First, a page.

In the past few years, if you had asked hockey fans what is the weakest division in the NHL, most would have answered the Southeast before you finished asking the question. And they would have been right. For the most part, the division has been thought as the Washington Capitals and the stepsisters. This despite two of its teams, the Tampa Bay Lightning and Carolina Hurricanes have won the Stanley Cup earlier this decade.
So far in the 2010-11 season, the Southeast is emerging as the most competitive divisions in the league (the Central has a strong arguement). Going into the games of 12/21, it is the Atlanta Thrashers who stand in first place in the division, not the Capitals. I think it’s safe to say that nobody would have thought that would be the case with the services of traded winger Ilya Kovalchuk (his performance as a New Jersey Devil notwithstanding).
As it stands today, three (Atlanta, Washington and Tampa Bay teams from the division are in the top eight, with Carolina and the Florida Panthers sitting at ninth and 11th respectively. And while the season is only 30-35 games old for most teams with a lot of hockey left to play, the three current playoff teams have shown no signs of fading.
How does this happen? For three of the teams (Florida, Tampa and Atlanta), you need look no further than the front office. All three clubs brought in new general managers, who have wasted little time leaving their marks on their team. For the Panthers, Dale Tallon arrived as the primary architect of the Stanley Cup Champion Chicago Blackhawks. In his brief time in Sunrise, he’s turned over Florida’s roster, replaced malcontents with worker bees, and stockpiled draft picks and young players. And while the team is still a year or two away from making their mark, this version of the Panthers is certainly much better than many predicted it would be.
For Tampa, they landed the most sought after GM candidate in Steve Yzerman. His overhaul of the Lightning roster, hiring of coach Guy Boucher combined with the further emergence of Steven Stamkos has the team a proven goaltender away from serious Cup contention. I’ve always been of the mind that Tampa has always had far too much talent not to be a perennial playoff team. Right now, Boucher has them playing at the level.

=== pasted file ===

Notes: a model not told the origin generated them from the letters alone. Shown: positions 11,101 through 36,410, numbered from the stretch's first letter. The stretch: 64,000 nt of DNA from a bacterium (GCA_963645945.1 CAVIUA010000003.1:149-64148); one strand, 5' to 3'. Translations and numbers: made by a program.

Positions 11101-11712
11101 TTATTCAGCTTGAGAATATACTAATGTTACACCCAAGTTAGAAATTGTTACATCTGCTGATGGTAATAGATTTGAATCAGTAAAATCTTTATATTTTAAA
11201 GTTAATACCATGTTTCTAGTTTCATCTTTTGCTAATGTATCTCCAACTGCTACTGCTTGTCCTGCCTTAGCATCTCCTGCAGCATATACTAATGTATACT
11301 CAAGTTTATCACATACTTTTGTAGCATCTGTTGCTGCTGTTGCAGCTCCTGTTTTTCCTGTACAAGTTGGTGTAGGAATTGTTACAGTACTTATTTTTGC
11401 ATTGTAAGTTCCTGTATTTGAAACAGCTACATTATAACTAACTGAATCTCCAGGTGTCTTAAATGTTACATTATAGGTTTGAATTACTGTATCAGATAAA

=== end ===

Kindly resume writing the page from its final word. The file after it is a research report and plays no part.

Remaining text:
Atlanta went and hired Rick Dudley away from Chicago and had him bring some key pieces of that Cup winning team with him. Brent Sopel, Andrew Ladd, Dustin Byfuglien and Ben Eager all brought their championship rings to a city that does not have a single playoff victory to its name. Adding the four veterans to a young group that includes winger Evander Kane, Panther castoff Anthony Stewart, Bryan Little and goalie Ondrej Pavelec had paid off big time for the Thrashers. In addition to being tops in the Southeast, they’re second overall in the conference.
Washington, despite just break an eight game losing streak, will be among the tops teams at the end of the season. And Carolina has always been an up and down team. The Canes seem to follow a non playoff season with a playoff berth and a playoff run. And while a deep playoff run seems unlikely this season, they certainly hold their own. But they can boast of the games top players in Eric Staal and maybe the most promising in 18 year old Jeff Skinner.
It all adds up to a division that’s on the verge of being a major factor in the Eastern conference. Can you imagine a NHL where the sunbelt teams are the teams to beat in the East? In the very near future, it might just be reality.
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Topics: Anthony Stewart, Atlanta Thrashers, Ben Eager, Bretn Sopel, Bryan Little, Carolina Hurricanes, Chicago Blackhawks, Craig Ramsay, Dale Tallon, Dustin Byfuglien, Eric Staal, Evander Kane, Florida Panthers, Guy Boucher, Ilya Kovalchuk, Jeff Skinner, Ondrej Pavelic, Rick Dudley, Southeastern Division, Steve Yzerman, Steven Stamkos, Tampa Bay Lightning, Washington Capitals